How to calculate your target heart rate
Here in Western Colorado we’re blessed with miles of hiking and walking, whether it’s along the Riverfront Trail, surrounded by the red cliffs of the Colorado National Monument, or amidst the quaking aspens of the Grand Mesa. That makes it the perfect exercise to help your heart and and entire cardiovascular system get and stay healthy.
But there is a catch: walking is a great exercise, but to walk at the right pace, you need to know your target heart rate (THR). Your THR is the most effective training pulse for maximum cardiovascular and fat burning benefits, given your age and current level of fitness. Using your THR ensures that you the most benefit from walking and that you’re not over or under exerting yourself. While walking, you will monitor your heart rate and increase or decrease your intensity to hit your THR.
First Things First, Before You Walk
Before and after walking, please stretch, to keep your muscles flexible and injury free. Your walk itself should includes a warm-up, brisk walk, and cool down stage.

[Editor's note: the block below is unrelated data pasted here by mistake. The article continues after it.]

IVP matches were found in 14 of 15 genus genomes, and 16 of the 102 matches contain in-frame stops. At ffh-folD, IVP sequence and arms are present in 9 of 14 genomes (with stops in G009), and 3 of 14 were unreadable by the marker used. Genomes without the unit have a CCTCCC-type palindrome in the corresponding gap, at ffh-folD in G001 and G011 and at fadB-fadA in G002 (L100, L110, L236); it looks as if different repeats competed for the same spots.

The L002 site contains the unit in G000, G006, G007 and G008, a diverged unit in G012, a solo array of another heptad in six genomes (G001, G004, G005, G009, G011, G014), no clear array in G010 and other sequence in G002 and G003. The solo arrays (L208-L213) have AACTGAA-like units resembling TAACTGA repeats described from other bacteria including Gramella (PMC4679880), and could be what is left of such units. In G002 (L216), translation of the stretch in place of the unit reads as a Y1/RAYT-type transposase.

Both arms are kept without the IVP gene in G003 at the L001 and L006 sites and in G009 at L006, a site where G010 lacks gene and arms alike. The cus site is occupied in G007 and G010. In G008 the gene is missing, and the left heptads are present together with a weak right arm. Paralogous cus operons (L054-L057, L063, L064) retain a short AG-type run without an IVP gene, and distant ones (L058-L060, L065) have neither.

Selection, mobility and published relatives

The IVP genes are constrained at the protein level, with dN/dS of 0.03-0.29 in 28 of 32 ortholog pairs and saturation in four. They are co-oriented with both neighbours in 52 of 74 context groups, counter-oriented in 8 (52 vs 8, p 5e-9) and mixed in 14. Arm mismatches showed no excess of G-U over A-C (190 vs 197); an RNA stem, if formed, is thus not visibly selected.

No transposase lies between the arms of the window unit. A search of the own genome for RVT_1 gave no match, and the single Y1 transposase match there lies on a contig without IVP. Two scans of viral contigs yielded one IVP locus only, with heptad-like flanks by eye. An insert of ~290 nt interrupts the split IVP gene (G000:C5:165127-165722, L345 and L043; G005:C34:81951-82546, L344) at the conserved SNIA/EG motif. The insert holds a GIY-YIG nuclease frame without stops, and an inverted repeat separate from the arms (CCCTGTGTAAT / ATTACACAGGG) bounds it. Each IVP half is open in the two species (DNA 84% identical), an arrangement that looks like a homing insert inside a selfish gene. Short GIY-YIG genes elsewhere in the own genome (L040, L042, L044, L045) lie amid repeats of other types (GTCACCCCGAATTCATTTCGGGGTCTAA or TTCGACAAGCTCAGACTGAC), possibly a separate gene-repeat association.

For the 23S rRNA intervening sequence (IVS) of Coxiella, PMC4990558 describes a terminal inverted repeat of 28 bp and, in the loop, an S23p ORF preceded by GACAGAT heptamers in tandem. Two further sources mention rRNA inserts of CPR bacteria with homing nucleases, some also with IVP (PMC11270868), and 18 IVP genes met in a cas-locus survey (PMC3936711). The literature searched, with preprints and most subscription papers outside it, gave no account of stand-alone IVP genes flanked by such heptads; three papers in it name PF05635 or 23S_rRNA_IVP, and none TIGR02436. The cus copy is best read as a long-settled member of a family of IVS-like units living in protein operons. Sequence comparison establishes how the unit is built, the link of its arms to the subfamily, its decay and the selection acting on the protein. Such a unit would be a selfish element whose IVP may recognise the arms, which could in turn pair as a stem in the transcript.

Now, How About that Target Heart Rate
To find your THR follow the formula below.
Your Resting heart rate is your pulse when your first wake up in the morning before moving around.
Please calculate your THR using both .60 and .70. It is easier to aim for a range than a specific number.
|Always use 220 here||Your Age||Your resting heart rate||Fitness level||Resting heart rate||Target heart rate|
Once you have your THR numbers divide them by 6 to determine your 10-second THR. This will be easier to measure that the 60 second THR.
Check your THR as your walk by taking your 10 second THR, 5 minutes into your walk. If you’re below your target, walk faster. If you’re above your target, walk slower.
Example, if your a 60-year old man in pretty good shape, with a resting heart rate of 55, you would calculate like this:
220 – 60 – 55 = 105
105 x .6 (for the lower end of our range) = 63
63 + 55 = 118
That’s the lower end of our THR in terms of beats per minute. If we divide by 6, then we would measure our heart rate at 19-20 beats every 10 seconds and would make sure our heart rate didn’t drop below that level.
If we run the same calculation but using .7 instead, the THR in terms of beats every 10 seconds would be 21-22.
So our THR is going to be 19-22 beats every 10 seconds.
As you walk warm up by walking normally for 5 minutes to increase your heart rate slowly. Walk briskly for 15-45 minutes. Take full strides and swing your arms easily. Cool down with a 5-minute easy walk to lower your pulse rate safely.
Proper cardiovascular fitness is necessary to ensure a good flow of oxygen and nutrients to your entire body. It is also a great way to complement any treatment a chiropractor gives you to make sure that the treatment will give you the most benefit.
Now go out and enjoy that walk!